Widow in White

The Defenceless Target Of A Mysterious Intruder

It began on a rainy Saturday afternoon as Margo was entertaining her new neighbours at a small housewarming party. A car ran into one of the trees on her property, and an injured man was soon installed in her guestroom.

But the smashup, Margo soon learned, was no accident. The handsome, ruthless stranger was after something in the house, and nothing – not even Margo herself – was going to stand in his way of getting it.

Copyright 1973 by Morris Hershman. First Avon printing, January 1973. Cover art Walter Popp. (Thanks Ruben!)

The goddess of all gifts second-hand has been very good to me recently, with at least one lovely gothic a day picked up at the local charity shops this week. Monday’s acquisition was the very fair of face Widow in White and oh, how I love this cover!

One thing I’ve noticed about my Avon gothics though – the cover art is usually stunning but the covers are particularly vulnerable to wear and tear. Quite often the artwork is almost completely scuffed off. This one is in very good condition for an Avon gothic – well, for one found on this side of the Atlantic anyway.

Here’s a taster from the inside cover:

Morris Hershman (born 1926) wrote under several pseudonyms, including Sara Roffman, Janet Templeton, Lionel Webb and Jessica Wilcox. And it’s his Evelyn Bond persona that looks to be the most prolific, with at least twenty gothics published in the 60’s and 70’s.

Here’s a short biog on the author, taken from the Browne Popular Culture Library page:

Morris Hershman was born on January 31, 1926. He attended New York University. On September 6, 1969, he married Florence Verbell, a writer and editor, though they are now divorced.

Hershman writes under the pseudonyms: Evelyn Bond, Arnold English, Sara Roffman, Janet Templeton, Sam Victor, Lionel Webb, and Jess Wilcox. He also writes under various other private pseudonyms. A member of the Mystery Writers of America, Morris Hershman resides in New York City.

And some more information, with scans of all his lovely gothics, can be found over at Fantastic Fiction HERE.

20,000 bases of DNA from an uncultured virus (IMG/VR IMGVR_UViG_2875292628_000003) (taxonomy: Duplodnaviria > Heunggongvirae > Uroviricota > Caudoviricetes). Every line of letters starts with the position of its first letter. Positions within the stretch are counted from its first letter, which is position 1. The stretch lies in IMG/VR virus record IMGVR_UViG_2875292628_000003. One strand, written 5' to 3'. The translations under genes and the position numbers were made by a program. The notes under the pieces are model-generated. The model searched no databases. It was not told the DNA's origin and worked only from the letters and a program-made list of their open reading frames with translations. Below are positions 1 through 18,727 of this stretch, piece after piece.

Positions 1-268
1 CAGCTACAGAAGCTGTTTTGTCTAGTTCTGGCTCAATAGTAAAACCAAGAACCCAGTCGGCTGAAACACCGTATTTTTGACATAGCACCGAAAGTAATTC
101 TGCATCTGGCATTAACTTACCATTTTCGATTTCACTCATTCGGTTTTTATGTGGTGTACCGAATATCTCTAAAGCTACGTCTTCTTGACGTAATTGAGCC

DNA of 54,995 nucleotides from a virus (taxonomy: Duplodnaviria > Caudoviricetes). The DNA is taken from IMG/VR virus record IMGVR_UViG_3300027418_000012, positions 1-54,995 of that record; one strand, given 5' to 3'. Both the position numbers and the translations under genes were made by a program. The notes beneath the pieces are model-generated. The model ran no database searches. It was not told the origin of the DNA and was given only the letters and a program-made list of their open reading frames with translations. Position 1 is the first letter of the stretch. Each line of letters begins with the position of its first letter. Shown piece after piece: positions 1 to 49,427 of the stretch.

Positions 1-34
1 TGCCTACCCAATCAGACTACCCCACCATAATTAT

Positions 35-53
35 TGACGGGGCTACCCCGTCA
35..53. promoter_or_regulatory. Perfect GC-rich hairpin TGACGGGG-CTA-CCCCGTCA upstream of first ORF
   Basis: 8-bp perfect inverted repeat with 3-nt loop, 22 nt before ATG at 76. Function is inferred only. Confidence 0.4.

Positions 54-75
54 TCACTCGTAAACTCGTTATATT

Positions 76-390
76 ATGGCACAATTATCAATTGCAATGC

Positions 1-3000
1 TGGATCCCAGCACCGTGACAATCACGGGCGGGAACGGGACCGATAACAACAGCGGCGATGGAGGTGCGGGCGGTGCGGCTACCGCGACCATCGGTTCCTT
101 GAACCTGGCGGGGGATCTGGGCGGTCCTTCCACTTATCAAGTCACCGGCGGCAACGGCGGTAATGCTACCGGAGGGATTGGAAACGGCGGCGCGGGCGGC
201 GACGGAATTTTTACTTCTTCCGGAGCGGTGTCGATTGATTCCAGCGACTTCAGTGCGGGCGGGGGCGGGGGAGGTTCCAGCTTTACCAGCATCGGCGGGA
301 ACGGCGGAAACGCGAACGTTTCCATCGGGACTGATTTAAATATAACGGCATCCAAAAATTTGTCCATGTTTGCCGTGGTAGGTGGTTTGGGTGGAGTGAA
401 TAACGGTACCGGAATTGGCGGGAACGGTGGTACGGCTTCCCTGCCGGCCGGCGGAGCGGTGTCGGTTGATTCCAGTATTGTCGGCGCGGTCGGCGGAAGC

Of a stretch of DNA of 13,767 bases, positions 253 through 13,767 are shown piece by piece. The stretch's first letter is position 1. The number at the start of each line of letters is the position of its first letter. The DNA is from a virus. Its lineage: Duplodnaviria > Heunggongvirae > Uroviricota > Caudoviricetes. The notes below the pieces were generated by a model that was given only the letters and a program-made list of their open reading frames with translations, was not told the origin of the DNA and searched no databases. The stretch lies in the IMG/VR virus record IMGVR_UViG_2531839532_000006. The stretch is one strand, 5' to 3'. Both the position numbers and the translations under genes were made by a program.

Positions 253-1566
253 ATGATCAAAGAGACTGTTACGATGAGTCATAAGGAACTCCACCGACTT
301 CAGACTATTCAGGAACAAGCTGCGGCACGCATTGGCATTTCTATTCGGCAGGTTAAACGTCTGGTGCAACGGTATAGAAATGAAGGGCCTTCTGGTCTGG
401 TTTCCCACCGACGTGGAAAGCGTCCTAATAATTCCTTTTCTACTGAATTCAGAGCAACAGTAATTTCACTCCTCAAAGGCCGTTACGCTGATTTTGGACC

Ace Cameo Gothic Series Part 2

Welcome back to the wonderful world of gothic mansions, bizarre accidents, handsome strangers and haunted heroines in this the second posting of my collection from the Ace Cameo Gothic Series.  Here’s numbers 13 – 18.

No 13 The Castle on the River

It was four years since Aurora had fled the huge, ugly castle on the Hudson; four years since she had seen the man who had not been able to choose between his disapproving family and his wife.

But Aurora had returned… Having never stopped loving Eric von Leyden, who now lay paralyzed in his bed after a near-fatal plane crash, the beautiful, spirited woman was once again prepared to face the hostility of the haughty Von Leydens.

It was with disbelief, then mounting horror that Aurora realized that resentment had turned to murderous hatred – that someone in the monstrous, isolated castle plotted to turn love rekindled into death eternal……

Written by Janice N. Bennett. First Ace printing June 1975.

No 14 To Dream of Evil

Lynne Crawford had loved Mark since they were children, and her joy at their marriage was marred only by her belief that she was not his first choice.

But they were happy at Trelawne House – until the night Aunt Laura mysteriously died, and, incredibly, the young bride found herself under suspicion… When Mark’s beautiful ex-fiancée returned to reclaim the man she had lost, Lynne knew she could no longer count on her husband’s love to protect her from the hostility threatening her very sanity.

With her world crumbling around her, the heartbroken girl played right into the hands of a murderer…….

Written by Louise Hoffman. First Ace printing July 1975. (Original title – The Impossible Dream). Cover by Charles Copeland.